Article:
Origin, evolution, and distribution of the molecular machinery for biosynthesis of sialylated lipooligosaccharide structures in Campylobacter coli

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Culebro , A , Machado , M P , Carrico , J A & Rossi , M 2018 , ' Origin, evolution, and distribution of the molecular machinery for biosynthesis of sialylated lipooligosaccharide structures in Campylobacter coli ' , Scientific Reports , vol. 8 , 3028 . https://doi.org/10.1038/s41598-018-21438-2

Title: Origin, evolution, and distribution of the molecular machinery for biosynthesis of sialylated lipooligosaccharide structures in Campylobacter coli
Author: Culebro, Alejandra; Machado, Miguel P.; Carrico, Joao Andre; Rossi, Mirko
Contributor organization: Mirko Rossi Research Group
Food Hygiene and Environmental Health
Faculty of Veterinary Medicine
Departments of Faculty of Veterinary Medicine
Date: 2018-02-14
Language: eng
Number of pages: 9
Belongs to series: Scientific Reports
ISSN: 2045-2322
DOI: https://doi.org/10.1038/s41598-018-21438-2
URI: http://hdl.handle.net/10138/233387
Abstract: Campylobacter jejuni and Campylobacter coli are the most common cause of bacterial gastroenteritis worldwide. Additionally, C. jejuni is the most common bacterial etiological agent in the autoimmune Guillain-Barre syndrome (GBS). Ganglioside mimicry by C. jejuni lipooligosaccharide (LOS) is the triggering factor of the disease. LOS-associated genes involved in the synthesis and transfer of sialic acid (glycosyltranferases belonging to family GT-42) are essential in C. jejuni to synthesize ganglioside-like LOS. Despite being isolated from GBS patients, scarce genetic evidence supports C. coli role in the disease. In this study, through data mining and bioinformatics analysis, C. coli is shown to possess a larger GT-42 glycosyltransferase repertoire than C. jejuni. Although GT-42 glycosyltransferases are widely distributed in C. coli population, only a fraction of C. coli strains (1%) are very likely able to express ganglioside mimics. Even though the activity of C. coli specific GT-42 enzymes and their role in shaping the bacterial population are yet to be explored, evidence presented herein suggest that loss of function of some LOS-associated genes occurred during agriculture niche adaptation.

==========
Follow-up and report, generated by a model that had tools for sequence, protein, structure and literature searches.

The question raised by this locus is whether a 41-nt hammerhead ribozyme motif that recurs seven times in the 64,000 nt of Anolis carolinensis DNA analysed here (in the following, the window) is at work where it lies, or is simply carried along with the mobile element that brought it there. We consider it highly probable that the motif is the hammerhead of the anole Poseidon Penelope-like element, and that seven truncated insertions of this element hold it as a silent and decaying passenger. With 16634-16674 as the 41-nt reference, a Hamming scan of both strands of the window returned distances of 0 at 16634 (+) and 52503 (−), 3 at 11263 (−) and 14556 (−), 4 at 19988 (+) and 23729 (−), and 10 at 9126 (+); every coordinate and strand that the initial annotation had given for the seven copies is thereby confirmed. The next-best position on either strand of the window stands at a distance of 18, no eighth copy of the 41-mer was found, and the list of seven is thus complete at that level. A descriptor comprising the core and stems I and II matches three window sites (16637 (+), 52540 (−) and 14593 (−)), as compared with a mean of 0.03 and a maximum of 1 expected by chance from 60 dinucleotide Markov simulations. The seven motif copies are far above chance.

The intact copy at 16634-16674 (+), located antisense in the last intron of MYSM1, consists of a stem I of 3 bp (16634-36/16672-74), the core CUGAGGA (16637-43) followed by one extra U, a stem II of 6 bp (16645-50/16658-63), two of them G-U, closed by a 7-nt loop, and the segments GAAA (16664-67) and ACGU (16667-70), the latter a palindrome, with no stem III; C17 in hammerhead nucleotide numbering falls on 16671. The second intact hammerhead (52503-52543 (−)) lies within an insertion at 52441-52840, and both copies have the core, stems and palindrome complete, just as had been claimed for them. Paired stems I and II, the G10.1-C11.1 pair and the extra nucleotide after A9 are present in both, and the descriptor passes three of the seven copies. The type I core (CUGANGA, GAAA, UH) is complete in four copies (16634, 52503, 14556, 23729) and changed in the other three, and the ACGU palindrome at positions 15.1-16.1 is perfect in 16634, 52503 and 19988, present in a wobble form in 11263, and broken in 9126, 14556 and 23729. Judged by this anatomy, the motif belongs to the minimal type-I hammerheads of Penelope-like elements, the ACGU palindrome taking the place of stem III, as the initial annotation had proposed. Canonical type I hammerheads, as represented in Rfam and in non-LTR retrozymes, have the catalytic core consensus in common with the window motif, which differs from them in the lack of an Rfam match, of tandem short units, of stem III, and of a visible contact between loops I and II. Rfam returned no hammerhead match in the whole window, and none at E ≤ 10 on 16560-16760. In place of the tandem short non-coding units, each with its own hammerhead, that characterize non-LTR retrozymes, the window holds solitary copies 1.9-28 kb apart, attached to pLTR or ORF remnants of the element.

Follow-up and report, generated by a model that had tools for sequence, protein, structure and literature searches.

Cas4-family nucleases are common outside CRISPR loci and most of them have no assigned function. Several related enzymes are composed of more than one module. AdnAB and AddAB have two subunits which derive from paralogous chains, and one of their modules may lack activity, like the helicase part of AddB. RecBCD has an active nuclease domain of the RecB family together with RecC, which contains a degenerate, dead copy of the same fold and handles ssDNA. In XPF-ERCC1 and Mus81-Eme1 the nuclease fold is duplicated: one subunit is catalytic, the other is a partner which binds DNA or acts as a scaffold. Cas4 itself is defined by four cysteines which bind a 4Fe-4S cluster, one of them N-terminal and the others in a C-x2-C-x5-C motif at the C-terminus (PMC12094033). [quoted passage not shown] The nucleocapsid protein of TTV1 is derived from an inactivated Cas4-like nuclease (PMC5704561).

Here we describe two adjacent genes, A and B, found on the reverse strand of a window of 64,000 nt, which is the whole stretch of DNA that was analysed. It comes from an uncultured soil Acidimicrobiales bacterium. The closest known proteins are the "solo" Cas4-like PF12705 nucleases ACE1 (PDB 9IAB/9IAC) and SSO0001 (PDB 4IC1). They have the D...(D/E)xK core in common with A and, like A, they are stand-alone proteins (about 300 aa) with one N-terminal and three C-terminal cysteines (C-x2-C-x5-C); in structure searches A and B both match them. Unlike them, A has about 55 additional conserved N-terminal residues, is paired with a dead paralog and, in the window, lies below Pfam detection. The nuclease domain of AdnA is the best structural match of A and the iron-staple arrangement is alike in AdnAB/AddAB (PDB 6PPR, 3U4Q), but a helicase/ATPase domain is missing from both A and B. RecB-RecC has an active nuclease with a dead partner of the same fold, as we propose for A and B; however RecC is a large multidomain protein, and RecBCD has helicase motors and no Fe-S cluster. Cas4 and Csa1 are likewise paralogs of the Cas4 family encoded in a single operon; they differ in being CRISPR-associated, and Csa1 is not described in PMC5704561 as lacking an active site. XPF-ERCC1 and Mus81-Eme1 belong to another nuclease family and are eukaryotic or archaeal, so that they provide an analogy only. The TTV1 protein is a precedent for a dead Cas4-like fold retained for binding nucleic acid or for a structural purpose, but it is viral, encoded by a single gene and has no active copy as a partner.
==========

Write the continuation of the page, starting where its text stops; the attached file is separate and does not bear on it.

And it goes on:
Subject: GUILLAIN-BARRE-SYNDROME
HIGH-THROUGHPUT
GANGLIOSIDE MIMICS
BACTERIAL PATHOGEN
JEJUNI
HOST
ANNOTATION
DIVERSITY
OLIGOSACCHARIDE
VISUALIZATION
1183 Plant biology, microbiology, virology
Peer reviewed: Yes
Rights: cc_by
Usage restriction: openAccess
Self-archived version: publishedVersion


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